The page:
8. Johannes S. Kunz & Kevin E. Staub, 2016. "Subjective completion beliefs and the demand for post-secondary education," Economics of Education Working Paper Series 0120, University of Zurich, Department of Business Administration (IBW).
    9. Orazio Attanasio & Teodora Boneva & Christopher Rauh, 2018. "Parental Beliefs about Returns to Different Types of Investments in School Children," Working Papers 2018-032, Human Capital and Economic Opportunity Working Group.
    10. Joseph G. Altonji & Peter Arcidiacono & Arnaud Maurel, 2015. "The Analysis of Field Choice in College and Graduate School: Determinants and Wage Effects," NBER Working Papers 21655, National Bureau of Economic Research, Inc.
    11. Gizem Kosar & Tyler Ransom & Wilbert van der Klaauw, 2019. "Understanding Migration Aversion using Elicited Counterfactual Choice Probabilities," Working Papers 2019-037, Human Capital and Economic Opportunity Working Group.
    12. Schweri, Juerg & Hartog, Joop, 2017. "Do wage expectations predict college enrollment? Evidence from healthcare," Journal of Economic Behavior & Organization, Elsevier, vol. 141(C), pages 135-150.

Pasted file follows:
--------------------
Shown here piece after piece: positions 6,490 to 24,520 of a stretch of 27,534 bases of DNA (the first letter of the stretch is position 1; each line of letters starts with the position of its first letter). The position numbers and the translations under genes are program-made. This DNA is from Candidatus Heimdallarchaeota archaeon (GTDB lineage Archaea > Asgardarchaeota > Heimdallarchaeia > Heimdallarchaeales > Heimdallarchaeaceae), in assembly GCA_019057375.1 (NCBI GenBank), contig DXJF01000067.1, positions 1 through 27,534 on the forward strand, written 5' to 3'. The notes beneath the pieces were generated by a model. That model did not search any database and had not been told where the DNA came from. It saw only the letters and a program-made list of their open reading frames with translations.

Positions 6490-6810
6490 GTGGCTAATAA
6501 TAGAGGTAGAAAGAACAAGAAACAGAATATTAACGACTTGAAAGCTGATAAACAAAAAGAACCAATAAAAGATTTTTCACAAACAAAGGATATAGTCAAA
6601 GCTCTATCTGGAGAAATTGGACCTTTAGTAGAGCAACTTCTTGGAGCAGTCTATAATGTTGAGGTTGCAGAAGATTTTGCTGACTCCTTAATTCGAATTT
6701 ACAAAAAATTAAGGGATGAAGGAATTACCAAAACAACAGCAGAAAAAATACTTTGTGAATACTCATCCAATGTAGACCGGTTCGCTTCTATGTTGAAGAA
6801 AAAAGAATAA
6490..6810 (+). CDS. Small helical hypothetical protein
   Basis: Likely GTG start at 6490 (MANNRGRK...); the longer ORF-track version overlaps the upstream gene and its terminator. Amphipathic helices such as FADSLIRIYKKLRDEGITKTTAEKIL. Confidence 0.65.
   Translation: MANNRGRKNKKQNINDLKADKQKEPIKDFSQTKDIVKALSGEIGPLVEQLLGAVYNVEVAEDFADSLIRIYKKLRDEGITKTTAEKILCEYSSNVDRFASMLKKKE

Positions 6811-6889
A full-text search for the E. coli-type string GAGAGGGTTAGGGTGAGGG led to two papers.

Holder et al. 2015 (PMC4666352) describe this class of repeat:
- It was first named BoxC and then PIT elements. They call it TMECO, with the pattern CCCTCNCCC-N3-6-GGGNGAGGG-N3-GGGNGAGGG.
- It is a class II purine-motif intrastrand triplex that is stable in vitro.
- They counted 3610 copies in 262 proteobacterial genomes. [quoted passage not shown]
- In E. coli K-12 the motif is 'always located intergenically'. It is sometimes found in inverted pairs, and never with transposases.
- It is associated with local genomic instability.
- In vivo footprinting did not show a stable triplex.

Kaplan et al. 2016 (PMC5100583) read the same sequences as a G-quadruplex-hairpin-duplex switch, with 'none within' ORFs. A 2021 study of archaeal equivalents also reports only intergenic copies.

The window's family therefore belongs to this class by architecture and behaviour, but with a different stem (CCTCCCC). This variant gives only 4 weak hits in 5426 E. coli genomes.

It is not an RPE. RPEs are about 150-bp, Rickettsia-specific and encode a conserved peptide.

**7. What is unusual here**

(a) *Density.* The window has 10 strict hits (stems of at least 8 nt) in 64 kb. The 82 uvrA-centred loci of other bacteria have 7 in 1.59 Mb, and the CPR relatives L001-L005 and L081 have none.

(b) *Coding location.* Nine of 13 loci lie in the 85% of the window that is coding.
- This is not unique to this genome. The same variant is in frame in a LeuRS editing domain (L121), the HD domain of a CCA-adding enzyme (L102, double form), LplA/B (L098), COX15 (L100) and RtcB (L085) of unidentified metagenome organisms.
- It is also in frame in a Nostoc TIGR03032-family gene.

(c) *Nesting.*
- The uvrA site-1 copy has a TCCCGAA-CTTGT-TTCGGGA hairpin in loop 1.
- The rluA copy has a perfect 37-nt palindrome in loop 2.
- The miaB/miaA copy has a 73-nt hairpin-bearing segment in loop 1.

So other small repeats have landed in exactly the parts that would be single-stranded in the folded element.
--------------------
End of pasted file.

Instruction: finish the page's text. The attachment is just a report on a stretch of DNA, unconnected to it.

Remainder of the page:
13. Kirkebøen, Lars & Leuven, Edwin & Mogstad, Magne, 2014. "Field of Study, Earnings, and Self-Selection," Memorandum 29/2014, Oslo University, Department of Economics.
    14. Matthew Wiswall & Basit Zafar, 2018. "Preference for the Workplace, Investment in Human Capital, and Gender," The Quarterly Journal of Economics, Oxford University Press, vol. 133(1), pages 457-507.
    15. Xavier D'Haultfoeuille & Christophe Gaillac & Arnaud Maurel, 2020. "Rationalizing Rational Expectations: Characterization and Tests," Papers 2003.11537, arXiv.org, revised Dec 2020.
    16. Matthew Wiswall & Basit Zafar, 2016. "Human Capital Investments and Expectations about Career and Family," NBER Working Papers 22543, National Bureau of Economic Research, Inc.
    17. Teodora Boneva & Christopher Rauh, 2017. "Socio-Economic Gaps in University Enrollment: The Role of Perceived Pecuniary and Non-Pecuniary Returns," Working Papers 2017-080, Human Capital and Economic Opportunity Working Group.

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    More about this item

    Keywords

    ex ante treatment effects; occupational choice; subjective expectations;
    All these keywords.

    JEL classification:

    • J24 - Labor and Demographic Economics - - Demand and Supply of Labor - - - Human Capital; Skills; Occupational Choice; Labor Productivity
    • I23 - Health, Education, and Welfare - - Education - - - Higher Education; Research Institutions
    • C31 - Mathematical and Quantitative Methods - - Multiple or Simultaneous Equation Models; Multiple Variables - - - Cross-Sectional Models; Spatial Models; Treatment Effect Models; Quantile Regressions; Social Interaction Models